Kyle Huninghake is a designer and visual artist from Louisville, KY. He began shooting film while studying architecture as an undergrad, and has since found it to be a thrilling, expensive, unshakeable habit. In an editorial capacity he’s covered stories of marriage equality, racial justice, the advent of legal cannabis, and cheerleading. But mostly his camera has become a tool not for documenting the world as it is, but—through experimentation and rolls of failure—for seeing it differently. Catch him in a tall place with a too-heavy camera and never enough film.
See more of Kyle's work on instagram at @kyle.party.of.1
ALTER/ANALOG: What got you interested in shooting film?
KH: My dad lent me his Vietnam-era Nikon F when I was in college studying architecture. I loved the weight of it, the sensation of winding the advance lever, and the click of the shutter. It made me care about each photo, having even this small physical investment. One of my first film rolls turned out to have already been shot by my dad years before. Somehow each frame still turned out, but each one was double-exposed: an accidental merging of his shots and mine. The scenes were separated by many miles and a full decade of time, but they met in a 35mm wide rectangle of emulsion. It blew my mind at the time and continues to do so.
ALTER/ANALOG: How were these images created?
KH: Most of these photos are the product of a similar kind of lack-of-control (willful or accidental). Some are shot on unconventional film stock—the reddish ones using Lomo RX 50-200 loaded in a Holga, the green dotted one with Revolog Volvox in that same Nikon F my dad lent me years ago (still no plans to return it). The spooky/ethereal shots are truly the "happy accidents" of the group. I have a little Rollei 35 pocket camera I bought off a guy in a parking lot a couple years ago. It's recently started firing unexpectedly, often overtop the already-exposed frame. So these photos are the result of some waaaaay overexposed frames, often on expired film, that I then have to "burn" back into view. It's indelicate and unprofessional, but I love the ghostly images that emerge. Like a hazy memory that's been photocopied and faxed to you, years later.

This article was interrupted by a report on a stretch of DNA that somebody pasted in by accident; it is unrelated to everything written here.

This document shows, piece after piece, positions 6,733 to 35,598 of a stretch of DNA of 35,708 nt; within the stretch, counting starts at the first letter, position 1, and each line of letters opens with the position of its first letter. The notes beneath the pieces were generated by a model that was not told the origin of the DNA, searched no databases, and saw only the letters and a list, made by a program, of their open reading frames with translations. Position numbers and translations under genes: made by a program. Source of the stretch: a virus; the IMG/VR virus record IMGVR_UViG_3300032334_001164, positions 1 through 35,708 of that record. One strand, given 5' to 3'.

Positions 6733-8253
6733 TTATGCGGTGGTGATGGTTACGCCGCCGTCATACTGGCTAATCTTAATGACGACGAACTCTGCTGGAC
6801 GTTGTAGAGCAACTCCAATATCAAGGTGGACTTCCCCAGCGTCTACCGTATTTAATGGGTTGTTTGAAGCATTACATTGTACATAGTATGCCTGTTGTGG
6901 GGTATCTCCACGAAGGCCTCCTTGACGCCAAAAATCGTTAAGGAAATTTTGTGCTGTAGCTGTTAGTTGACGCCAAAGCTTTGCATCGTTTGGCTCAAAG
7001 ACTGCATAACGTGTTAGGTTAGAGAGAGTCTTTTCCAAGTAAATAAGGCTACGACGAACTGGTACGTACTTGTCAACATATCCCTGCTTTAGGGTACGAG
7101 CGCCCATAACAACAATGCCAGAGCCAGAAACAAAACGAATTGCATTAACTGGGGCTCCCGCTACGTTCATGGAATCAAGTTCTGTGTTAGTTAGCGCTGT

ALTER/ANALOG: What inspires you?
KH: Um, lately I've been trying to get away from my own habits of composition (strong central subject, evocative but out-of-focus backdrop, etc.). I've been inspired by shapes that I can't make sense of, but find myself drawn to for one reason or another (very much like a rorschach test). These blobs I just come across in the wild. Oftentimes they're shadows or reflections that I'm likely to walk or bike right past if I'm not looking closely. I've begun a series where I'm using these shapes as 'masks' that I stencil overtop thrift-store paintings.
ALTER/ANALOG: Tell us about your magazine Chum.
KH: Chum is a photographic magazine I've been putting together with my brother, who also tends to bring a disposable camera with him most everywhere. "Chum" is a friendly word for pal, but also the fish guts you throw to sharks, and somehow that sliver of the Venn diagram is just where we like to reside, creatively. It started out as a DIY zine, simply as an excuse to collaborate on something together and to see our work printed (increasingly rare in the age of Insta). It's since morphed into a 50-page magazine, with full-page (or full-spread) photographs shot by him and me. All on film, and all thoroughly unprofessional and unclean. We just put out Vol. 1 at the beginning of the year, and we hope to bring on additional collaborators for Vol. 2 *hint-hint* (#chumlives).